1. We think of the Torah as the great unifier of Jews, that all Jews follow the Torah. It is the common denominator that unites us. But how we interpret Torah is very different across the denominations. Why do we have different kinds of Jews? What possible use could there be for the different communities of Orthodox, Conservative, Reform, Reconstructionist, Humanist, secular, Sephardic, and the Jews who opt out of our religion? Dr. Arnold Eisen, chancellor of the Jewish Theological Seminary recently wrote in his blog, “Why do we need denominations? Because substantial differences among Jews, for all the hurt and damage they engender, are not only inevitable but, on balance, essential to the survival of our tradition. The Torah opens opportunities to Jews and makes demands upon Jews that shape the ways we think, eat, celebrate, mourn, raise our kids, treat our spouses, do business, stand before God and work to repair the world. It matters greatly how these gifts and responsibilities are pursued. Will women be fully a part of Jewish learning, practice and leadership? Will Hebrew, Shabbat and kashrut be central pillars? Will Jews stand simultaneously apart from and as an integral part of the larger society and culture? Will we take on the discipline of ritual practice – and insist that it remains inseparable from an ethical practice of individual virtue and social justice? These and other dividing lines among our movements are not trivial; compromise concerning them is not always possible. One cannot be all things to all people if one wants to be a Jew.”

  1. It is precisely our commitment to Torah that makes denominations possible and healthy. It opens conversations and debate; it gives us many different interpretations so we can contemplate for ourselves how we will interpret the law. Many people find this strange. Why should we struggle to make moral and ethical sense of the law? If we don’t engage in this struggle with Torah, others who see themselves as “most pious” will come and wrest control of Jewish law claiming to speak in God’s name so that no change will ever be possible. It is not for God to tell us anymore what is right and what is wrong in Jewish law, Lo Bashamyim Hi -It is not in heaven.

  1. In a recent commercial for spaghetti sauce, a woman, taking a blind taste test, picks out a different sauce than her usual choice. It makes her wonder about all her other choices. When the world changes, when life calls, we too are called to make difficult choices between what is familiar and traditional and what is clearly the right thing to do. Rabbi Lawrence Kushner served for many years in Sudbury, Massachusetts until his recent retirement. In his new book, “I’m God, You’re Not: Observations on Organized Religion and Other Disguises of the Ego” he writes about how he came to decide an important point of Jewish Law. He writes, “A decade before my decision, I had got myself into an argument with an Orthodox friend. To tell the truth, I have forgotten most of the details. It had something to do with how to treat someone. I explained my position; he explained his. His position struck both of us as, at best, ethically tenuous. “How can you say such a thing?” I asked. “I have no choice,” he replied, “It’s the halacha – Jewish Law.” Not wishing to be disrespectful, I allowed him to have the last word. But later, alone in the car, I found myself continuing the argument: “Oh, and because you claim you have no choice, that’s the end of it? You are off the hook? I’m supposed to cave in, back away in shame before the tradition? No (I wished I would have said), you choose to believe what you want and you choose to do what you do. First comes life, then comes law. You are still responsible. … the test of my resolve came a few years later when two members of my congregation asked me if I would help them consecrate their – what shall I call it? Union? Commitment? – gimme a break, it was a marriage. What could I say? “I’m not permitted?” “I’m sorry the tradition doesn’t allow it?” “My hands are tied?” “Excuse me while I hide in a book?” Of course the tradition is sacred; of course it has more to do with God than any of us can imagine; but it can never be an excuse for not looking another human being in the eyes or oneself in the mirror. … I guess I believe, in retrospect, that it was commanded of me.”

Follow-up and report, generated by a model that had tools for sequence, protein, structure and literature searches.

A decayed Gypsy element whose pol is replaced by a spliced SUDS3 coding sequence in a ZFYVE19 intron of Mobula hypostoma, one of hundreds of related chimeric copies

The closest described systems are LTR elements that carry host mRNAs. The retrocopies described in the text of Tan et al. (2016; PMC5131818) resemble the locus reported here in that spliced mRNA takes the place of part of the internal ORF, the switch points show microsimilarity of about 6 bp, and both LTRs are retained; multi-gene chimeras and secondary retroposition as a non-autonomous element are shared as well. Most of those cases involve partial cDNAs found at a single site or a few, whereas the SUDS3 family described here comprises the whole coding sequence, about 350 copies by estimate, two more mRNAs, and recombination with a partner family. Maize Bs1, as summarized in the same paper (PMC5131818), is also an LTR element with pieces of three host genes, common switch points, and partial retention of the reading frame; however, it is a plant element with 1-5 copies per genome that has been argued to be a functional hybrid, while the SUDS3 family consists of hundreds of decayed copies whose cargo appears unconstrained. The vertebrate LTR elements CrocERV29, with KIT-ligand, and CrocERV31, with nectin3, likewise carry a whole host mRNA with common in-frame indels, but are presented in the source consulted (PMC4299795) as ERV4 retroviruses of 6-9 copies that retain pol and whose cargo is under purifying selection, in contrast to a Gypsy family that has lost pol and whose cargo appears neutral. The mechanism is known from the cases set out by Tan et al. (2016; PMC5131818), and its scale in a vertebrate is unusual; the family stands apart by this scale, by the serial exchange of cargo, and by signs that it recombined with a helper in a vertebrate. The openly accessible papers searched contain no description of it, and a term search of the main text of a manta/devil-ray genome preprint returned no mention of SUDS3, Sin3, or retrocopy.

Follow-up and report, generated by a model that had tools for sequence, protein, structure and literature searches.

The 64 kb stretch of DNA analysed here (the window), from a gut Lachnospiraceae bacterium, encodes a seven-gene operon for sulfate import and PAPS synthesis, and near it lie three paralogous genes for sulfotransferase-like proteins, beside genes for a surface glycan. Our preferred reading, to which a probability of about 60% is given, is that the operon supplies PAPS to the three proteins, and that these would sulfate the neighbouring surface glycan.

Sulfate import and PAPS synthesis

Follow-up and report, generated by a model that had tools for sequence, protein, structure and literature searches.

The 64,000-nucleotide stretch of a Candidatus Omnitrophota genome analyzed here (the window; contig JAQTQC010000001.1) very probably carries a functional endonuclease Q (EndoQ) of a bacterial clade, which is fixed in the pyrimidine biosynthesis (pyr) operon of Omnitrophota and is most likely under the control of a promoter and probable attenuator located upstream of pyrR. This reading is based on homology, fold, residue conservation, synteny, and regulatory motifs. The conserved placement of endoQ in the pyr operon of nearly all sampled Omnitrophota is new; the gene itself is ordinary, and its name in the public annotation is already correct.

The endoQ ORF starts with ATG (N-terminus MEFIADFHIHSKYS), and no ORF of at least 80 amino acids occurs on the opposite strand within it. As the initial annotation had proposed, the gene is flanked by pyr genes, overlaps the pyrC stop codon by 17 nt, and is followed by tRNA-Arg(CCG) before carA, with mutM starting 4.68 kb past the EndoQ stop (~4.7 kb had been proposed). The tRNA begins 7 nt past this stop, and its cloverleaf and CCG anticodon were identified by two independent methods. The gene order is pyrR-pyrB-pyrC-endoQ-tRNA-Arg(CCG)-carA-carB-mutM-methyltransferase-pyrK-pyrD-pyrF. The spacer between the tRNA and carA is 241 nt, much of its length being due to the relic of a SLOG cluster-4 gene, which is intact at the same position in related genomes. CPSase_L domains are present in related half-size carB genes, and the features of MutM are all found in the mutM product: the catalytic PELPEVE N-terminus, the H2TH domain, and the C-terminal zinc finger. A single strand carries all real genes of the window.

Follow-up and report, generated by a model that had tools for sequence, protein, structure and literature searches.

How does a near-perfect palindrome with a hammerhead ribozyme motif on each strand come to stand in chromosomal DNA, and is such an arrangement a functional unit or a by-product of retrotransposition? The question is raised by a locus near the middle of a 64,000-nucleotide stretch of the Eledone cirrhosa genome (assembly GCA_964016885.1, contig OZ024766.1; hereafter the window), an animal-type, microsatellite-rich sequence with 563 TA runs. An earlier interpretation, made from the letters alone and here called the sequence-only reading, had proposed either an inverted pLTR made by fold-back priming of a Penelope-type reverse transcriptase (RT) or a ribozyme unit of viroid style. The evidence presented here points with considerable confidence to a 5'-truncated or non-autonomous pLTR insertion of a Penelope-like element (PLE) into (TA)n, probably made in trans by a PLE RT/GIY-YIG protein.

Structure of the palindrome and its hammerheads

1. What does it mean to be commanded? Are the commandments a path from which we must not stray or do they teach us lessons in right and wrong that we can translate into modern life? When life changes, the law too has to change. And while Moses did bring the tablets down from Mt. Sinai, the law is not written in stone. It is written in our words and deeds and how we translate the Torah into our personal lives. In the end, we once again see, when it comes to Torah, Lo Bashamyim Hi -It is not in heaven.